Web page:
Sensors have been developed for sensing gases. Wei. Taurozzi.g. Rem. 2003. S. Tarr.. A. Ibusuki. Qi. Al-Ekabi. Insola and V. 23. 50. 348. Comite and R. 2003. Z. T. Michaud. Getman & C. Bruening and V. 121. H. 339. D. 20 T. B. Reaction Engineering for Pollution Prevention. Ermellino. Cooper. Kutsuna. 2003. M. American Chemical Society (ACS) symposium series 890. 507–516. 1993. L. Chemical Degradation Methods for Wastes and Pollutants Environmental and Industrial Applications. Membr. Amsterdam. Holt. Yu. A. 28 S. 18–70. 27 H. 2003. Mazer and A. 2011. Marcel Dekker Inc. D. 1380. Cho. The extensive application of sorbents in environmental remediation have shown the capability of adsorbing metals and organic pollutants from contaminated water and air. Nano Today. 16 F. Elsevier. ed. TiO2 nanomaterials and polymeric adsorbents have shown high adsorption capacities and selectivities. 16. Yamamoto. Applied Nanoscience. K. Haenni. 28. Recillas.. Ind. P. R. Sci. M.. E. Chemical Degradation Methods for Wastes and Pollutants Environmental and Industrial Applications. Matheson. Chemical Degradation Methods for Wastes and Pollutants Environmental and Industrial Applications. 14 J. Gonzlez and a a V. 34 G. C. Comninellis and E. Lin. J. J. 3 J. Alivisatos. M. J. 86. L. Balasubramanian. A. J. N. Takami. M. 30 C. 2693–2700. Snchez. Enhancing the reusability of sorbents and the extension of their lifespan must be explored to reduce the cost in environmental remediation. Y. A. 2000. Morones. A. 2007. 2000. Shaw and N. 4 L. 618–624. Chemical Degradation Methods for Wastes and Pollutants Environmental and Industrial Applications. Plattner.. A. Supercrit.. 129. Caprio. 311. Elimelech. M. J. Abel. Miyamato.. 30.. However. chemicals and volatile organic compounds and the detection and identification of bacteria. Casals. Marcel Dekker Inc. T. Anandan and M. 22. Y. Sci. Carbohydr. E. Desalination. Brame.rsc. ed. Pittman. D. Chemosphere. Tarr. Brillas. 145–158. Amonette. Goto and S. M. S. C. J. Fruchter. Dionysou. Scherer. Yoon. nickel and zinc) from industrial waste water. 515. J. Chemical Degradation Methods for Wastes and Pollutants Environmental and Industrial Applications. ACS. 144. Suidan. New York. Nanotechnology. Chemical Degradation Methods for Wastes and Pollutants Environmental and Industrial Applications. T. M. J. Ground Water Monit. A. Beltran. 208. M. A. 19 D. 58–68. 2005. 66–77. 7 C. ASCE Publisher. 11 T. V. V. 411. U. 2009. 2003. A. T. Nanopart. M. Wallace. F. Chimia. W. 172. Ultrason. Amonette. X. T. Hu and X. Ultra centrifugation separation method is efficient to separate CNTs. H.. Res. 21 I. Chem.. Ollis and H. 18 P. Tarr. M. Mah. Res. D.. 208. Nanotechnologies for Water Environment Applications. Casado. L. In addition. The CNTs/metal oxide or magnetic composites are promising materials in environmental pollution management at a large scale. Langmuir. 1994. Lee. Q. 1007–1013. Camacho. Seo and Y. Weinberg. 71. V. E. 6 M. 4853040. E.. 26 B. 35. Mincher and W. Xu. US Pat. Adschiri. 226. Masciangioli.. Li and P. 2011. Marcel Dekker Inc. F. 2003.View Article Online adsorption of pollutants and pollutant sensing and detection result in a greener environment. Zhang and M. Destaillats. Pichat. K. The membrane filtration method is an alternative and efficient technique to separate CNTs from aqueous solutions. D. 32 B. R. M. Appl. B. 9 A. 316–320. A. Colvin and P. Chung. p. Tarr. 36 T. 2005. Hoffman and H. G. 20. 2005.. J. Environ. D. J. Marcel Dekker Inc. 5. S. Iron-based nanomaterials. Chemical Degradation Methods for Wastes and Pollutants: Environmental and Industrial Applications. Zhang and R. Kang. Andreozzi. Teel. Szecsody and J. Choi and J. M. Sci. Tratnyek. The surface modification of sorbents are being studied for process optimization. 2002. Mamadou and N. Pradeep. S. 1996. One dimensional CNTs with single and multiple layers have shown superior adsorption capacities in the removal of diverse range of biological and chemical contaminants due to their fibrous shape with high aspect ratio and provision of large external surface area. 2004. D. 10 L. However. C. Marcel Dekker Inc. P. M. Small size nanoscale particles composed of CNTs are difficult to separate from aqueous solution. D. New York. 2004. Cole. 250–252. 2011. Burban. p. 2000. A. 7. Kim. Istok. 38 J. 8670–8673. Font. Fruchter. Laıne. 59–63. Further development is necessary in the functional properties of nanomaterials to meet the need for trace detection and the treatment of pollutants in water and air and important fundamental and mechanistic studies are required in order to fully explore their real potentials. Puntes. Seino and T. 2010. ed. Technol. References 1 A. Zainal. Elsevier. Washington DC. 42. Z. A. More efforts for the development of practical applications of these CNT composites are required in the future. Holm. V. J. Ueta. Nanotechnology and the Environment-Applications and Implications. E. Abraham and R. 13. ed. Jayaweera. 5. M. G. W. S. Eng. R. the study of the interaction between the host polymers and the encapsulated NPs and its effect on the dispersion in polluted air and water is necessary. 23 T. Samamato and M. New York. M. 15 A. the large scale production of polymersupported nanocomposites and more practical applications remain open. 8 S.. ed. Savage. Johnson and L. G. A. Tarr.1039/C2EE21818F This journal is ª The Royal Society of Chemistry 2012 Energy Environ. 30. p.. Virginia. Bottino. M. ed. ed. 16. Green Chem.-L. Tarr. H. Jiang. Res. 2003. Rajeshwar. 137– 153. 2012. Technol. 8075–8109 | 8103 . 31 D. J. 22 R.org | doi:10.. Pfefferle and M. 325–330. Chitose. C. -X. 19. J. Park and Y. Ondruschka. M. Vermeul. Chemical Degradation Methods for Wastes and Pollutants Environmental and Industrial Applications. silver. J. 13 Y. Environ. 128–142. 2346– 2353. Z. J. Trends Anal. 270–275. J. Zou. Chem. I.. 2003. A. E. pp. D. New York. the membrane can easily be blocked. S.. 375–386. ed. T. H. copper. Williams. 23.. R. 17. A. 2000. Amsterdam.-W. Korean J. New York. Dendritic nanopolymers have been developed for low pressure filtration processes to remove perchlorate and uranium from contaminated water and recover metal ions (e. L.. Y. Trends Food Sci. 325. 375. Membr. 17 R. TrAC. Technol. Soc. C. 2000. 2003. W. 425–437. S. Perret and e C. J. J. S. Bosak. Microbiol. Karn. J. high energy is necessary for this method. Tarabaraa. Chem. J. K. 1989. A. Dahmen. Yacaman. Baudin and J. ed. Cole. V. The long-term efficiencies of dendritic nanopolymer composites as an important practical aspect have not been reported and should be addressed in the future. Downloaded by Centro de Investigaciones Científicas Isla de la Cartuja on 21 December 2012 Published on 24 May 2012 on http://pubs. D. 2009. Elechiguerra. G. Kouri. Eng.. Photocatalytic Purification and Treatment of Water and Air. 25 C.. D. Am. P. 2008. Pinault. I. M. T. E. E. C. pp. I. Takeuchi. p. R. Humphrey. 588. 35 N. p. Smith and K. Capannelli. Surampalli. M. Yoon. Vermeul. J. Nair and T.. 934– 938. R. J. Ashokkumar. Hesketh. Sonochem. 33 N. M. Szecsody. Marcel Dekker Inc. J. ed. X. 2002. Zhang. Eng. 445–450. Zhu. Tarr. 37 P. Lee. 1467–1471. Voice. Arul. R. Kim. New York. P. Fang. Comninellis. Tarr. Gandini. 2 S. A. 24 M. Williams.. 12 B. 2003. Marcel Dekker Inc. W. However.. J.. Electrochem. Chem. 2005. Shin-Kai. S. Marcel Dekker Inc. 29 E. 2003. Tarr. Tufano. New York.. S.. Cabot and J. 5 J. New York. Ramirez and M. New York. Hofmann. J Alvarez. Chemical Degradation Methods for Wastes and Pollutants Environmental and Industrial Applications. 1988. Appl. ed. K. Lifka and J. K. V. Istok. Marcel Dekker Inc. Felice. A. p. 39 J. Chem. Tarr. pp. A. M. p. E. H. Fluids. 1345–1350. Kruzic. p. W. 1999. Sci.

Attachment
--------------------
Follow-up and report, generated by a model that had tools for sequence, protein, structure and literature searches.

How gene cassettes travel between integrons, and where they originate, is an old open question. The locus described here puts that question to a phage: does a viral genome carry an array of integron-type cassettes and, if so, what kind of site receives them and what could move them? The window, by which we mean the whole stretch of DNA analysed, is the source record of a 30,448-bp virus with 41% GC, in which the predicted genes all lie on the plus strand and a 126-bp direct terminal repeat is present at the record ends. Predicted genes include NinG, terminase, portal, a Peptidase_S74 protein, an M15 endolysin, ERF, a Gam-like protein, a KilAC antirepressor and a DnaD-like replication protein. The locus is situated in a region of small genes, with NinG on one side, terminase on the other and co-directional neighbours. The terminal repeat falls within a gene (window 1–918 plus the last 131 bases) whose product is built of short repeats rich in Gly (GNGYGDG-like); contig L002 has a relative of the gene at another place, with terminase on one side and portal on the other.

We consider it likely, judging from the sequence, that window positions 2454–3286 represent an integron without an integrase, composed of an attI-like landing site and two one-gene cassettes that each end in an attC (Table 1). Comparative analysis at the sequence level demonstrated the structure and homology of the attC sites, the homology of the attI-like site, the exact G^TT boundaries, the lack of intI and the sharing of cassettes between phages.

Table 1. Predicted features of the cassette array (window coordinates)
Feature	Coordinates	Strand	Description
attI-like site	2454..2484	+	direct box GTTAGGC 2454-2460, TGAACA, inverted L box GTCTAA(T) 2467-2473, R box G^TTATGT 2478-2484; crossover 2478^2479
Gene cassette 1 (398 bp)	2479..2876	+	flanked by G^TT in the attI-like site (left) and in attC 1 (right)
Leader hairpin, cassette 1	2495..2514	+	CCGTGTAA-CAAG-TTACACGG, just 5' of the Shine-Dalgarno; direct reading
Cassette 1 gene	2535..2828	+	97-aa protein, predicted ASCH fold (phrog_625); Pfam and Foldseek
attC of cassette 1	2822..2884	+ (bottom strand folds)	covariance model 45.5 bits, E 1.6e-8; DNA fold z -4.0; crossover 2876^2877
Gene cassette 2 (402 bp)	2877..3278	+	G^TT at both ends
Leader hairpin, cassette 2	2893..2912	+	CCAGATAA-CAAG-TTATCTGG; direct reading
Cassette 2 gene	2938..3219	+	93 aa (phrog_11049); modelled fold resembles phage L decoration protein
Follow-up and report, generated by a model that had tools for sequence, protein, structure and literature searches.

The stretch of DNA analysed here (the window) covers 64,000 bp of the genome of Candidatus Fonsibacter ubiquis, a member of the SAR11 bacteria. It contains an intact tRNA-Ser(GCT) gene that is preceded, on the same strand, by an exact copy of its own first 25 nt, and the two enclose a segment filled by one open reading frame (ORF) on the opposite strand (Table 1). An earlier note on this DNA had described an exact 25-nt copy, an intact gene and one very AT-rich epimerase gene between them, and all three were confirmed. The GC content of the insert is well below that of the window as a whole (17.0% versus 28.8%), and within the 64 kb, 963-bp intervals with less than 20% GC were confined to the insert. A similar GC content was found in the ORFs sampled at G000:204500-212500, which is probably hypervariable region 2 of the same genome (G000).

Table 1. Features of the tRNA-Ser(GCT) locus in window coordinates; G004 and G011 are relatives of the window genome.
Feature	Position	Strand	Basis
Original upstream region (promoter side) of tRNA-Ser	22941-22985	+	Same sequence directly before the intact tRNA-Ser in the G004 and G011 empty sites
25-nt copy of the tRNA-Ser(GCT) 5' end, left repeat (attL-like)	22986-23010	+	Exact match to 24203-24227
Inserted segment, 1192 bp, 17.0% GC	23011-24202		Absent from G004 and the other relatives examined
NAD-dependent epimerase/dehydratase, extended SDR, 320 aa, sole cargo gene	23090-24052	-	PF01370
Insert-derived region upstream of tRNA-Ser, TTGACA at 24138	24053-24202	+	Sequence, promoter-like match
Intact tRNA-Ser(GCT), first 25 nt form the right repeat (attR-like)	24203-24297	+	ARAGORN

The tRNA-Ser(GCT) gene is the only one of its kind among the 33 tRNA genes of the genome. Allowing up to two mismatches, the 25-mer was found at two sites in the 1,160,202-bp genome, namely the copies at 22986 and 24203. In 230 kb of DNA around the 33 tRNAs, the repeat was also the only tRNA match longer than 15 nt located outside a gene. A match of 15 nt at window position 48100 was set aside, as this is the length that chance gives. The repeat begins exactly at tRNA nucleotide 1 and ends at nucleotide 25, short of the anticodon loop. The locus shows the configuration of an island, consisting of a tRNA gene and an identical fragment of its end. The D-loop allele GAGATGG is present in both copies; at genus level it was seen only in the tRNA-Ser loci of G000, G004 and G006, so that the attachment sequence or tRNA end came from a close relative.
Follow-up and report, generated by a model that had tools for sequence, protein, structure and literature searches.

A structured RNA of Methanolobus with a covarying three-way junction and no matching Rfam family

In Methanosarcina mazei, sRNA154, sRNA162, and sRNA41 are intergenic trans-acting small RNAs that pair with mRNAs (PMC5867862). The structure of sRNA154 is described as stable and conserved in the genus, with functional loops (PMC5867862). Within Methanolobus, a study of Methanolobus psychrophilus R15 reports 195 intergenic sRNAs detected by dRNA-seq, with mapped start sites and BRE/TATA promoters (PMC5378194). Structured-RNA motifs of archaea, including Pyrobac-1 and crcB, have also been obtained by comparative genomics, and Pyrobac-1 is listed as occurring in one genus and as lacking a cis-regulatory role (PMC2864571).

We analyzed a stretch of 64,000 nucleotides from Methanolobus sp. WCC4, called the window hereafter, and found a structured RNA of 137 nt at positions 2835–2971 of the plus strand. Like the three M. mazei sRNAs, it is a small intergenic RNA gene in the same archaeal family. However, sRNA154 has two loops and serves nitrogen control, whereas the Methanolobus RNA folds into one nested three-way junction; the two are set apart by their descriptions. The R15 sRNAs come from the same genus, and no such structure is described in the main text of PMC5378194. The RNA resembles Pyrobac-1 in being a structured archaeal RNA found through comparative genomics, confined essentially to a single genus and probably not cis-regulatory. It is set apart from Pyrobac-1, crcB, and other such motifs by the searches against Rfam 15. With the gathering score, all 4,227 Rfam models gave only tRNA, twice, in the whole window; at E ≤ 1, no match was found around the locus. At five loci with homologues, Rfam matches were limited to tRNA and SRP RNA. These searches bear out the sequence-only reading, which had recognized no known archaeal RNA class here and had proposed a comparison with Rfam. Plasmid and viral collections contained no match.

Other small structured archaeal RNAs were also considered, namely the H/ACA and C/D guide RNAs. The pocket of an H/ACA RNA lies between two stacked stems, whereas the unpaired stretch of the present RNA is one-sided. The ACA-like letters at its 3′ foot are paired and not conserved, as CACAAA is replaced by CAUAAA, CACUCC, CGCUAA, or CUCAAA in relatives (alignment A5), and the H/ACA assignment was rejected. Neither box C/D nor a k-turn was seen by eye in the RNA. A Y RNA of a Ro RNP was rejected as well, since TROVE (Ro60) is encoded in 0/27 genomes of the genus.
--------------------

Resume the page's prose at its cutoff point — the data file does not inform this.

J. 132. 2001. Ramirez and M. 97 J. G. Anshup and T.. 93 W. Nanotechnology. Zhang. A. Jones and T.. 2006. Zhang. 31. H. 213–220. P.-X. T. 221. P. Prog. G.: Nanotechnol. Fuhrmann.. E. Mater. 84 D. Hoffman. 99 X. H. Zhang.. H. 2413–2419. A.-X. B.. 118 C.. W. Nair and T. 3189–3198. 79 J. L. E. 2004. L. 2006. Dyes Pigm. J. 29. 94 H. J. Washington. Gulin and Z. T. 2000. 1074–1078. 1997. A. 89 C. J. Cyr. 40. 7. Pradeep. W.. L. K. P. 1998.. Wong. 1999. V. Appl. 105 W.. S. Microbiol. Mater. 1995. S. Paul. A. Ritchie. J. Meyer. 60. S. Sondi and B. Chem. Photochem. 2002. J. 371–378. Hsieh. J. N. Zhang. Ohwaki. Inc. T. 29–38. Wang. 109 S. Masse. 2005.. Deleon and T. Scott. 114 R. D. Kyriacou. J.. 2006. Wan.. Cushing. Camacho. L. R. Tak and J. Technol. 2001. 6. P. H. Lessard. 10400–10413. Heck. Morikawa. Y. X. 1913–1922. Scott and K. Ind. 22. Pollut.. Technol. Utschig and T. 86 L.. 144. 2009. F. 3. 1999. p. 2007 67. A. 73. 1994. I. 49. Gogoi. Klibanov. J. PCT/IN2005/ 000022. A. 2007. 82 M. Gopina.. 2004. Puls.-C. S. Photobiol. P.-L. Lien and W. Prog. Wu. Chem. 102 H. C. Elliott and W. L. Cao and W. 97–105. Biomaterials. K. Y. S. 2003. C. Eng. J. G. Washington DC. Hazard. Blough. ed. D. Sabatini. B. 44. 111. pp. Environ. Zhang. 40. Termin and M. Q.. 5. Chemosphere. R. Activation of Gold Nanoparticles on Titania: A Novel DeSOx Catalyst. 2002. 293. H. 2002. Watts. Cheng and S. A.. Betterton. 83 H. 2011. 1346–1353. T. Kim. Bosetti and A.. 119 B. Powell. 225–232. 2637–2645. Polym. Elliot. Lee. 248–255. Chen and R.. 2006. Lien and W.. S. P. Yamashita. Gold Bull. Zhang. 18. Pradeep and A. T. Bhattacharyya. 3566– 3570. Sci.. Cinar. B. N. 5970–5975. Y. M. Chem. Orr. 2004. Taga. Biomater. O. Q. 40 41 42 43 44 45 46 47 48 49 Downloaded by Centro de Investigaciones Científicas Isla de la Cartuja on 21 December 2012 Published on 24 May 2012 on http://pubs. S. 6939–6946. M. Tarr. Xu and D. J. O. Chattopadhyay. Alowitz and M. A. J. O. M. Indian Patent No. Henery. 3893–3946. S. Today. 2008. Matheson and P. Sci. Technol.View Article Online M. Res. Kong. 97–105. 35. C. 112 A. S. Y. 2004. Neppolian and M. Lisha. Phys. 450–457. Cells. ACS Appl. P.. Biotechnol. Bae. L. Perez. Nanotechnol. Thin Solid Films. 2003. Moore. Singh. Sci. F. 191–195. F..-X. Colvin and P. S. 2005. 91 A. A. Nanopart. H. 144–152. K. 63. Chem. Jardim. Sci. Tuqan and H. Energy Mater. Med. Nair. Zhang. 98. Res. Lee. Technol. 378. 68. Mater. Laplante. 2000. 191. Q. H. K. Elechiguerra. 662–668. Sci. Photobiol. 2007. 125. Tee. 29. Kamat and D. Chim. H. 43. Jeong and M. Water Res. H. Nutt. Environ. Water Sci. A. Interfaces. 100 H. Res. Davis. 2001. Chem. 23. M. Toxicol. 41. S. TiO2 Photocatalysis: Fundamentals and Applications. K. J. Chan. P. Kurup. Yabusaki. E. Nadappuram. Sci. 2007. Technol. Masciangioli.-M. Technol.1039/C2EE21818F 50 51 52 53 54 55 56 57 58 59 60 61 62 63 64 65 66 67 68 69 70 71 72 73 74 75 76 77 8104 | Energy Environ. M. Y. B. 2005. W. Environ. A. Warren.-L. Korte. N. et al. Scott. Ramakrishna. Mater. Farrell. Binoy. J.. R. 378–395. X. Chem. T. N. 673– 679. Jean. 7. 1998. R. Pradeep. Wu and S. Park. C. W. 269–271. Microbiol. Technol. 2005. Pradeep and A. Yang and A. Environ. Kao. ed. 94. 2001. 2009.. Choi. 887–892. T. V. Yacaman. Environ. 18. Jefferson. Mater. L. J. 217–227. 426. Bhattacharyya. V. Lien and W. A. Photochem. J. Hrbek and L. 1074–1078. 77–85. 95–101. Korean J. J. A. Chemosphere.. Eng. Environ. J.. C. C. Chemical. Lu. S. 1997. 1999.. Y. Sci. Mallouk. K.. P. Photobiol. Schrick. Sci. S. Roberts. Aoki and Y. pp.. Science. 1998. 191–196. 2005.. 8075–8109 This journal is ª The Royal Society of Chemistry 2012 . 78 W. 2003. Environ. Cui. 178. A. Wang and H. Environ. 42. Kuk. Landry. Erolu. Pradeep and Anshup.-F. M. 2003. F. S.. J. Hwang and J. Technol. Karn. P. Zhang. S. J. 88. T. Mater. Holt. Biotechnol. Nutt. C. W. L. 2 June 2006. 1994. USA. L. S. 39.1163/156856211X617399. J. M. PCT Application No. Hightower and D. J. Arnold. P. Burt. Environ.. Choi. Pradeep. Kim.. 81 M. Zhang. 2003. J. 1712–1720. J. O’Connor. K. Colloids Surf. Sci. Hazard. Today. Tokyo. Salthammer and F. Technol. S. 2007. T. 2004. Cho. 2001. Jirsak. Zhang. Y. Liu. N. and Thermal Technologies. L. 13669–13679. 323–332. K. 1871– 1877. L. 1. S. New J. 999–1007. Dickinson and T.. Phys.-H. Catal.-X. 5140–5147. Environ. Appl. J. J. Ghosh and A. 367–372. Bachas and D. Technol. Diallo. S.. 191.org | doi:10. 80 C. 39. B. T. M. Williams and S. Jin. 2003. 2009. Environ.. P. Technol. Hallam. E. Savage and M. Environ. Z. L. Wei. Sumesh. A. Young.. Alvarez and M. Chemosphere. A. A. Wang and H. 2346– 2353. O. S.. H. Alivisatos. Lieberwirth. 88 M. J. 42. B. 2008. Ka1ucki. M. Fernando and N. 37. 31(4). Phys. A. Chem. Grzmil. M. Mater. Canela and W. Environ. Q. Turro and S. Lindholm and E. J. Gonzalez. Hazard. Sci.. Fujishima. 1091–1096. Technol. J. 2045–2053. 2101–2108. Photochem. Li and J. Bishop. 888. J. S. B. Y.. Zhang.-X. 2000. Chang. K. A. 41. Pradeep. 2004. 1179–1201. A. Silver.. 104. S. Lien and W. C. J. Goh. Harada. C1–5. Chem. DC. Colloids Surf. 95 M. Khim. 189. American Chemical Society. R.-B. Morones. Evans. 37. 19 January 2005. 157. Watanabe. Wood.-H. 371–378. W. F. 90 S. Rahn and L. F. 59–63. E. C. 5. M. 2006. C. Chou and Y. K. G. D. 116 H. Ramesh. J. 3. E. Feng. 69. 23. T. 103 H. Environ. 2010. Environ. 98 A. A. Yonezawa. T. G. C. 2003. Song. E. H. Dabro. Zhang.. Nanosci. 4922–4926. H. Rev. M. Appl. 259– 260. Nair and T. Lien.Masciangioli. M. 2001.. S. Misaka. 2001. Mozia. K. New York. 1042–1047. Ed. Colloids Surf. Technol. 331–342. 117 T. J. T. J. Chem. H. D. Sci. B. M. Xu.-L. Kim. Scherer. 1980–1988. 2006. Toshima and T. Kouri. 17. Hwang. L. Miller and B. Choe. Arzu. Mater. Nevim. 884– 889. Sol. 111 M. G. 173–179. 1626. O’Brien. 4278–4281. 104 D. L.-B. 213.. 139. I. Ramakrishna. W. Morawski. R. Kai and S. Technol. Bkc. 95–100. Lett.-X. 120 R. L. Res. 1995.. Martin. Chem. 108 P. 28. 1998. Gupta and S. S. Alivisatos.. 2012. Tsuchido. A. 87 Y. 2004. L. Lien and W.-X. K. Grulke and D. S. Li and W. Appl. 14. Microbiol. N. B. 16. 2005. N. V.. Sci. Parsons and B. Environ. 37–44. Kosowska.-X.. 6573–6578. Marcel Dekker Inc. J. 526–532. Y. 171– 179. Menard and J. Karn. Hah. Cao and D. M. Viola. J. L. T. K. K. M. Janus and K. J. A. 35. Mater. R. B. Kolesnichenko and C. Yu. C. 1998. A. 9322–9328. 96 F.-X. Phys. J. M.. Nat. Biomed. American Chemical Society. Park. Environ. H. S..rsc. Li and C. Salopek-Sondi. Asahi. Sci. 84. Chemosphere. Technol. 49. Assi. Surf. 85 Y. 52. Kim and J. Lien. Meisel. Cheng. J. Prabhakaran. Sci. ed. Pal. Lien and W. Chemical Degradation Methods for Wastes and Pollutants Environmental and Industrial Applications.. Nair. Hazard. 106 H. Environ. B.-X.-X. G. Colvin and P. Science. J. 2009. 2002. Eng. Pradeep. Bootharaju1 and A.. Kim. W. Zhang. 34. S. K. Environ. Ground Water. 2007. M. F. 115–125. T. C. Zhang. Catal. 2009. 115 H. C. 2007. 429. Fennelly and A. B. 1973. Nanobiotechnol. J. 32. A.. C. 34. 2012. Y. K. Kim. L. Today... Hughes and M. 2001. Wan and J.. 29. -X. Matsumura. pp. 269–280. DOI: 10. 1999. A. Nanopart. 6441–6478. M. V. 1998. 141–189. Chen. K. Biochemistry. Brownlow. Kunisaki and T. Zhang. Park. Lee. K. J. R. 299–306.. A. 107 B. 22. R. Catal. Sung-Suh. Q. Takeuchi. Willis. J. 285–292. 16. Wu. Y. Uzum. Anpo. Rodriguez. Elechiguerra and J. M. 81. Tratnyek. Langmuir. Nair. Rodriguez. 110 J. J. 2002. J. D. C. 7062–7070. 69. 517.. H. Sci. Japan. 36. Yoshikata. 1983. 205–209. Environ. 2005. A. Physical.. Water Res. 299–304. Catal. R. 1265–1268. Korte. 41. L.-Q. Cheng. 163.. Nanosci. Ghauch.. Rodriguez. B. M. S. 6. Shahwan. Biol. Khoo and Y.. 92 L. Lai. 191.-X. Islam. 101 T. Y. Zhao. 232–242. Nanomed. R. Hashimoto and T. 1995. 2004. Sol. D. J. Sci. 113 W. 2005. A. R. T. T. Battelle Press. vol. Tu and K. Iron Nanoparticls for Site Remediation. Nicell. 387–395. Chem. Fernando and N. 97–105. Y.